On 17 Dec 2013, at 00:58, meekerdb wrote:

On 12/16/2013 2:05 PM, LizR wrote:
On 17 December 2013 10:43, meekerdb <meeke...@verizon.net> wrote:
Is that another way of saying you don't think Arithmetical Realism is correct? (Which is fair enough, of course, it is a supposition.)

Yes. I think it is a questionable hypothesis.

Yes, I think so too on days with an 'R' in them.

Well if you don't think AR is correct, then of course it sounds magical (although that leaves the problem of how those equations which somehow (magically?) control the behaviour of atoms actually do so.)

I don't think they 'control' them, I think they describe them (to the best of our knowledge). Notice that this explains "where the laws of physics come from"; they're invented by us.

Bad phraseology on my part. What I meant was, there is a possible problem of "unreasonable effectiveness" that AR purports to explain, but which otherwise remains "magical".

Obviously the laws of physics as written down and taught and understood by us were invented by us, but we have this hope that they correspond to something real out there, and it's at least possible that the "something real out there" comes in a form (something like) the laws we've invented to describe it, and may be in a form exactly like some laws we will one day invent. On that glorious day it may seem like splitting haris to say that mass, energy, space and time are in some magical way different from the equations describing them, assuming such equations exist.

True, the models might be accurate. But even if they are we can't know it with any certainty.

Except our own consciousness here and now, we cannot have any certainty, in any scientific matter.
Science is doubt, and leads to more doubt, always.

That's one thing that bothers me about Bruno's definition of knowledge as "true belief". We may have true beliefs by accident.


But notice that the 'laws of physics' don't describe everything - in general they rely on 'boundary conditions' which are not part of the laws. Most theories of cosmogony put forward rely some randomness, e.g. 'quantum fluctuations', as boundary conditions.

I don't believe in any 3p-randomness. I mean, no more than in Santa Klaus. That's why I consider Everett to be the first sensical version of QM.

Secondly, note that even as physics becomes more successful in predictive power and more comprehensive in scope, it's ontology changes drastically, from rigid bodies to classical fields to elementary particles to quantum field operators. What stays roughly constant are the experimental facts.

Yes. A reason more to appreciate that with comp, the ontology can be reduced to its minimal (0 and successor, of K and S and their applications).

Bruno, has a good point about 'primitive matter'. It doesn't really mean anything except 'the stuff our equations apply to.'; but since the equations are made up descriptions, the stuff they apply to is part of the model - not necessarily the ding an sich. To say physicist assume primitive matter is little more than saying that they make models and some stuff is in the model and some isn't - which of course is contrary to the usual assumption on this list. :-)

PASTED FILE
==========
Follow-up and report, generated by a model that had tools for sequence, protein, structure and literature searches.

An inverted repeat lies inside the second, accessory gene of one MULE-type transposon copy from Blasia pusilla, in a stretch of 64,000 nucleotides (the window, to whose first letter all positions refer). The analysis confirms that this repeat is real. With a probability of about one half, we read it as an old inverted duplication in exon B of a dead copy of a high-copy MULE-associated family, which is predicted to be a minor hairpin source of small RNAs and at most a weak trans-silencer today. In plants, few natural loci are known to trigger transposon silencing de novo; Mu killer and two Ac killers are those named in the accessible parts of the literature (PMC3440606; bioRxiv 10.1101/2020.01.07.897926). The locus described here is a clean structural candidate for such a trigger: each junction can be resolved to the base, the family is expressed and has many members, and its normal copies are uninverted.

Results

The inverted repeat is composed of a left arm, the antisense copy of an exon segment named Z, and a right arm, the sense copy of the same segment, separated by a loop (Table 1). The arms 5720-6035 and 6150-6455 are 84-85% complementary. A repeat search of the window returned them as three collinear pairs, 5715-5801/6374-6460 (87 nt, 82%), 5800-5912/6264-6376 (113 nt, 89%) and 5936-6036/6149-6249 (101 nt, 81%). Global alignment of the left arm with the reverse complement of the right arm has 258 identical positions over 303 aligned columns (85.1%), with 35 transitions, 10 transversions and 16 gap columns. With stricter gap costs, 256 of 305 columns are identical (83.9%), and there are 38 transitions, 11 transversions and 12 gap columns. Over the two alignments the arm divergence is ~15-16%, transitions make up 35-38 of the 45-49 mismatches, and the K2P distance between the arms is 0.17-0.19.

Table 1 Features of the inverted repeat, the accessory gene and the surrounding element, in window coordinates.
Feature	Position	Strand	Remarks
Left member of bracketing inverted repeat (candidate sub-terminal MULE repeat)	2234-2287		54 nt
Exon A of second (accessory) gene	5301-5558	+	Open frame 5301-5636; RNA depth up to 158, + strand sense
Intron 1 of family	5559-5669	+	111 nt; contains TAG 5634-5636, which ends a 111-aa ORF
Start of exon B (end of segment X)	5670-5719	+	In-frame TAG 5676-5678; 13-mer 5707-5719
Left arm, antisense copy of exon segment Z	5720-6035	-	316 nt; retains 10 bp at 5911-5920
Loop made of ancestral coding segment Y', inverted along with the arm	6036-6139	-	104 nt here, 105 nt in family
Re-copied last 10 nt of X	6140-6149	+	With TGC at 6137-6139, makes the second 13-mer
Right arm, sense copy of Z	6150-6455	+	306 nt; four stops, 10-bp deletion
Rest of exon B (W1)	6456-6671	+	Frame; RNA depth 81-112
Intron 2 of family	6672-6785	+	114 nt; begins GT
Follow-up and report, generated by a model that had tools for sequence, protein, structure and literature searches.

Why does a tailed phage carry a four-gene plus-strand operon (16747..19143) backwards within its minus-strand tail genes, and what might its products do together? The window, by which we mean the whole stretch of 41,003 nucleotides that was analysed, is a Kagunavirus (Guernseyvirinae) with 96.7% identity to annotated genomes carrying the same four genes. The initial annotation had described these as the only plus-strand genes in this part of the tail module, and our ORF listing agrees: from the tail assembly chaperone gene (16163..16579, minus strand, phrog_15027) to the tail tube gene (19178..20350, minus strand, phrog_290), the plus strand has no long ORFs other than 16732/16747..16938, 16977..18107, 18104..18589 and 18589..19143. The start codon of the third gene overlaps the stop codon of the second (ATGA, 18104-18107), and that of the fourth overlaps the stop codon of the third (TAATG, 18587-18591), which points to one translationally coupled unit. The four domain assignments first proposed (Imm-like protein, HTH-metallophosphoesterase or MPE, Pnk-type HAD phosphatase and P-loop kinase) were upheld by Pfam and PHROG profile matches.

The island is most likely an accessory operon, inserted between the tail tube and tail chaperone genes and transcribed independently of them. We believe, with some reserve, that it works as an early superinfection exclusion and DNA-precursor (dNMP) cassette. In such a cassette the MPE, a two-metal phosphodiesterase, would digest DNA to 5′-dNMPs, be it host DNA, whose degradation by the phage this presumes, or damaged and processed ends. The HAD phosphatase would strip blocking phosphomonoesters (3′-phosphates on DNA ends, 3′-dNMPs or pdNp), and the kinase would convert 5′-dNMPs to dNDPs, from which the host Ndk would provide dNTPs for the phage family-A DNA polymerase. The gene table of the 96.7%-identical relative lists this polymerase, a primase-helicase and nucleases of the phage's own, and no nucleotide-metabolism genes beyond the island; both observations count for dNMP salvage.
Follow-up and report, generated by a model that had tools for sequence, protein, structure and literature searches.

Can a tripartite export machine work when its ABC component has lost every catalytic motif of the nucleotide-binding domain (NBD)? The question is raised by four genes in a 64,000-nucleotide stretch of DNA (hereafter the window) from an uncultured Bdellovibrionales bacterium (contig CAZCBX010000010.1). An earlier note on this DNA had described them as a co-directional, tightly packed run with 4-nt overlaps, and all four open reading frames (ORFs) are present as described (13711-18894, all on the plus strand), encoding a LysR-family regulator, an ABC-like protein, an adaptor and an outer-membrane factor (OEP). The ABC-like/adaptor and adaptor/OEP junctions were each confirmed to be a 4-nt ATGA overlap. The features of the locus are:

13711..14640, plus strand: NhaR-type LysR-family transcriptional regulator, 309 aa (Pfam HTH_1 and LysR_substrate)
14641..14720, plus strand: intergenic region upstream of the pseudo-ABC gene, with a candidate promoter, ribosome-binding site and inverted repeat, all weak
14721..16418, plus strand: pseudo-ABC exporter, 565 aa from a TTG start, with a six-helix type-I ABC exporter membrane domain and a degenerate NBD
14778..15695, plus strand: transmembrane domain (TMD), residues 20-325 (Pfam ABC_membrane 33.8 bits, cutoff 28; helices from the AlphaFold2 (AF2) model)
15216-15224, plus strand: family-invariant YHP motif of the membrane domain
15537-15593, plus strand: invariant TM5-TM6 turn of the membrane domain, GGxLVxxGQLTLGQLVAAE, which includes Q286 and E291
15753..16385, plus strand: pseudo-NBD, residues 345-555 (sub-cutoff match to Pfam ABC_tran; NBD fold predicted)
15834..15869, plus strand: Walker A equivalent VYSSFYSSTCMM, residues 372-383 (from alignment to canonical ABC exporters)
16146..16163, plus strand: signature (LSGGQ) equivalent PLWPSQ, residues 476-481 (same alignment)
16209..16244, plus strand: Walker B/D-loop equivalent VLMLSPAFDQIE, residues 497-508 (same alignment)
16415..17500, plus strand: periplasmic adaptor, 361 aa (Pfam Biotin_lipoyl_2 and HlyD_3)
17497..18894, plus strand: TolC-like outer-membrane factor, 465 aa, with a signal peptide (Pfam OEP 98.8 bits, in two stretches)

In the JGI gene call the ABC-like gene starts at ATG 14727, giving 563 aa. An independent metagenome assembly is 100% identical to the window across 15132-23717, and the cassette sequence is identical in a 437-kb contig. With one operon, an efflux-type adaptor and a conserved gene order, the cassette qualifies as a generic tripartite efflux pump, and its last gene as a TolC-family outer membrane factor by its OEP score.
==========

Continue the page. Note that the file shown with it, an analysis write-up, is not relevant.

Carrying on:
Yes, some people on this list seem to read far more into the existence of matter (energy, etc) than that it's just the object referred to in some equations. (Arguments that the UD couldn't really exist because there aren't enough resources in the universe to build one, for example.)

Bruno et al may also have a good point about the (lack of) supervenience of mind on matter, although I'm still trying to get my head around that one (appropriately enough).

I don't think the supervenience of mind on material processes is any more problematic than its supervenience on computation.

Supervenience of mind on material processes is refuted by the UDA. It just doesn't make any sense anymore, unless you put in matter a magic which is non Turing emulable, nor FPI recoverable, but then I don't see how I could say "yes" to a doctor.

The nice thing about Bruno's theory is that it provides a model which might explain the incommunicable nature of consciousness. And he even provides a critereon, Lobianity, for whether a computer is conscious.

Hmm... I accumulated evidence that consciousness starts with universality. Löbianity would give self-consciousness, or reflexive consciousness.

But it leaves so much of the physical aspects of consciousness and perception unexplained,

This means you have not yet get the full understanding of UDA or AUDA. The reasoning shows that all physical aspects are entirely explained or explainable. Indeed if you can find one not explained phenomenon in nature, you will refute comp. Of course the explanation has been derived by a reasoning, and need to be done (like in AUDA), and this means to pursue the math of AUDA, and solve the open problem there. I have no theory. I just show that the mind body problem *has to* be reduced into a purely arithmetical problem of machine psychology or theology.

except by hand-waving "it must be so", that I find plenty of room for doubt.

You can only invalidate the reasoning. No need of doubting here. Of course you can doubt on comp.



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